HEADPHONES MARKETING: BEATS BY DR. DRE
1. Executive Summary
The Executive Summary “sells” the marketing plan to readers through its clarity and brevity. The summary should present a description of the product/service, its target market, and its need within the market. The summary should also provide an overview of the main points of the plan and should emphasize an action orientation.
IMPORTANT: Write this last after all the other sections have been completed.
2. Company Description
The company description should highlight the recent history and successes of the organization.
3. Strategic Focus and Plan
While not included in all marketing plans, the Strategic Focus and Plan sets the strategic direction for the entire organization. One approach is to use the strategic marketing process and/or diversification and synergy analyses (see Chapters 2 and 22).
The Mission/Vision statement is a qualitative statement that specifies the markets and product lines in which a business will compete. A mission statement can dramatically affect the range of a firm’s marketing activities by narrowing or broadening the competitive playing field. An effective mission statement must be clear and direct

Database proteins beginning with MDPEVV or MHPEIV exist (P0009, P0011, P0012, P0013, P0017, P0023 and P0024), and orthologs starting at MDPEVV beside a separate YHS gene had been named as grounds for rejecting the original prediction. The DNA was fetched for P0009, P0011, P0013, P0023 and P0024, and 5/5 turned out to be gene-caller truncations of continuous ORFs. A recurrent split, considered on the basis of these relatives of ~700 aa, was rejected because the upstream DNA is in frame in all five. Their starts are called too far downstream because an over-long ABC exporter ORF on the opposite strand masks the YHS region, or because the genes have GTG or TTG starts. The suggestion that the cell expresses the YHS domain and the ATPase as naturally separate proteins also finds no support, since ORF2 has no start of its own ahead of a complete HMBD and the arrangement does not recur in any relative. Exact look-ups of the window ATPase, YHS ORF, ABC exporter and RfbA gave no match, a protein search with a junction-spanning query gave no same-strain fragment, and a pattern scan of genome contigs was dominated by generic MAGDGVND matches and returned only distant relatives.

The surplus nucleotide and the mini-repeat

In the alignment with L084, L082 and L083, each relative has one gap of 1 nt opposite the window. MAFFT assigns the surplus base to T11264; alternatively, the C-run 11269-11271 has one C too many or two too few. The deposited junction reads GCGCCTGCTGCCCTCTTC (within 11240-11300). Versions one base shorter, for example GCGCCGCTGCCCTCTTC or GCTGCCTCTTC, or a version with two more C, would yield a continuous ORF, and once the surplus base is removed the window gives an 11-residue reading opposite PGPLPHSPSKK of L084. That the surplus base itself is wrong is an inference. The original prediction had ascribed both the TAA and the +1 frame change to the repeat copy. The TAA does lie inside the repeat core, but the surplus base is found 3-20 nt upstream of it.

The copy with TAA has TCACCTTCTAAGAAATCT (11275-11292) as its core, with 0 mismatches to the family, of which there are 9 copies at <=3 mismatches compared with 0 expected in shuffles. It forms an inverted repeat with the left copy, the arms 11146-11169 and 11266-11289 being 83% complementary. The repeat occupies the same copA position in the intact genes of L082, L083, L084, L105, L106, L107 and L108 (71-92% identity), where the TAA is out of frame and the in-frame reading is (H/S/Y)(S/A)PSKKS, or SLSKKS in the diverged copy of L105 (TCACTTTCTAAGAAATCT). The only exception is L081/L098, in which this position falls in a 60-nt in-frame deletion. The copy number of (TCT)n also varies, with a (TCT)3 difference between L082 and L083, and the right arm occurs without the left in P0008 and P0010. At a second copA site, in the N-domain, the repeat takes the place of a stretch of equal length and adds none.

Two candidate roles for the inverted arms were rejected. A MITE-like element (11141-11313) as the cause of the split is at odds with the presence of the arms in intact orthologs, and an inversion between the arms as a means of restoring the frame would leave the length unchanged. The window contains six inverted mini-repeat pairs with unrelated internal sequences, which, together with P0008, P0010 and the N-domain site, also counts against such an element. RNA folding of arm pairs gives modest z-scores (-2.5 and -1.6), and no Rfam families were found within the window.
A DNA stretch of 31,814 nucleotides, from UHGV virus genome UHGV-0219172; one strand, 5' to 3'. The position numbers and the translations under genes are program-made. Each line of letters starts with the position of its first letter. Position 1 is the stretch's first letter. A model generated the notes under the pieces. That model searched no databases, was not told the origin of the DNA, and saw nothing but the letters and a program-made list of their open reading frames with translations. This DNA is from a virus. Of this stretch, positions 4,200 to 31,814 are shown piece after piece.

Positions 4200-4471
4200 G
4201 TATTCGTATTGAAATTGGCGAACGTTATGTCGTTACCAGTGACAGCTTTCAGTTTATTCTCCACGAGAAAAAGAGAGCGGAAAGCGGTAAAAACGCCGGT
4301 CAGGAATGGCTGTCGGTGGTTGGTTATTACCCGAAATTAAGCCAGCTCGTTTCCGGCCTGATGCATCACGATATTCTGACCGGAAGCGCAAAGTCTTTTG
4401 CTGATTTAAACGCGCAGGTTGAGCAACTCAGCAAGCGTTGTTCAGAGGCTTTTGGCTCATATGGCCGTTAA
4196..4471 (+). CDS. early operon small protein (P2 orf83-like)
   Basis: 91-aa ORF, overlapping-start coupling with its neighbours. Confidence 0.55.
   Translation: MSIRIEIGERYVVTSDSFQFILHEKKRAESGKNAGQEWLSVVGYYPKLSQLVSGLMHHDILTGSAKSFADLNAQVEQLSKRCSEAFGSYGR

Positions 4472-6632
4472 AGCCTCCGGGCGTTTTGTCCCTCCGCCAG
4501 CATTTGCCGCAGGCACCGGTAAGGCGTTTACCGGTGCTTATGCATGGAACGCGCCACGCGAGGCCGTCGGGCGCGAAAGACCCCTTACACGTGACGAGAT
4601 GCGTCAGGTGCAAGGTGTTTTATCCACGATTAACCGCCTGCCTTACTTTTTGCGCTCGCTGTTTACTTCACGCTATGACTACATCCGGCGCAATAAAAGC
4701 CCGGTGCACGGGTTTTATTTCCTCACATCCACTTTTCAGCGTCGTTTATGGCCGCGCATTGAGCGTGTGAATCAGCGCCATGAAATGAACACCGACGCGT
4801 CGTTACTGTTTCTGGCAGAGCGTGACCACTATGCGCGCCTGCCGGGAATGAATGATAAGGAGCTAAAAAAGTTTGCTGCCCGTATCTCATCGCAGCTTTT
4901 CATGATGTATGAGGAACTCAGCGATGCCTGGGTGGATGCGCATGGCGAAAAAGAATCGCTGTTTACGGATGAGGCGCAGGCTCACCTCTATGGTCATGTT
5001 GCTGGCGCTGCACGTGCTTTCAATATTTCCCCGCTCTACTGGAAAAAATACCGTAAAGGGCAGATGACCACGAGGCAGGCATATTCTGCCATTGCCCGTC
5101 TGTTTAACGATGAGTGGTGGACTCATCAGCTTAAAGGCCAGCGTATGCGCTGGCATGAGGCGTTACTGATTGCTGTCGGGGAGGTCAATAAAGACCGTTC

(see Chapter 2).
b. Objectives (SMART)
The Goals section of a marketing plan sets both financial and non-financial targets. Goals should be in quantitative terms, where possible, to facilitate measuring the company’s future performance (see Chapter 2).
· An example of a non-financial goal: “Philip Morris will diversify its product lines to achieve 50 percent of sales revenue in non-tobacco products in the next five years.”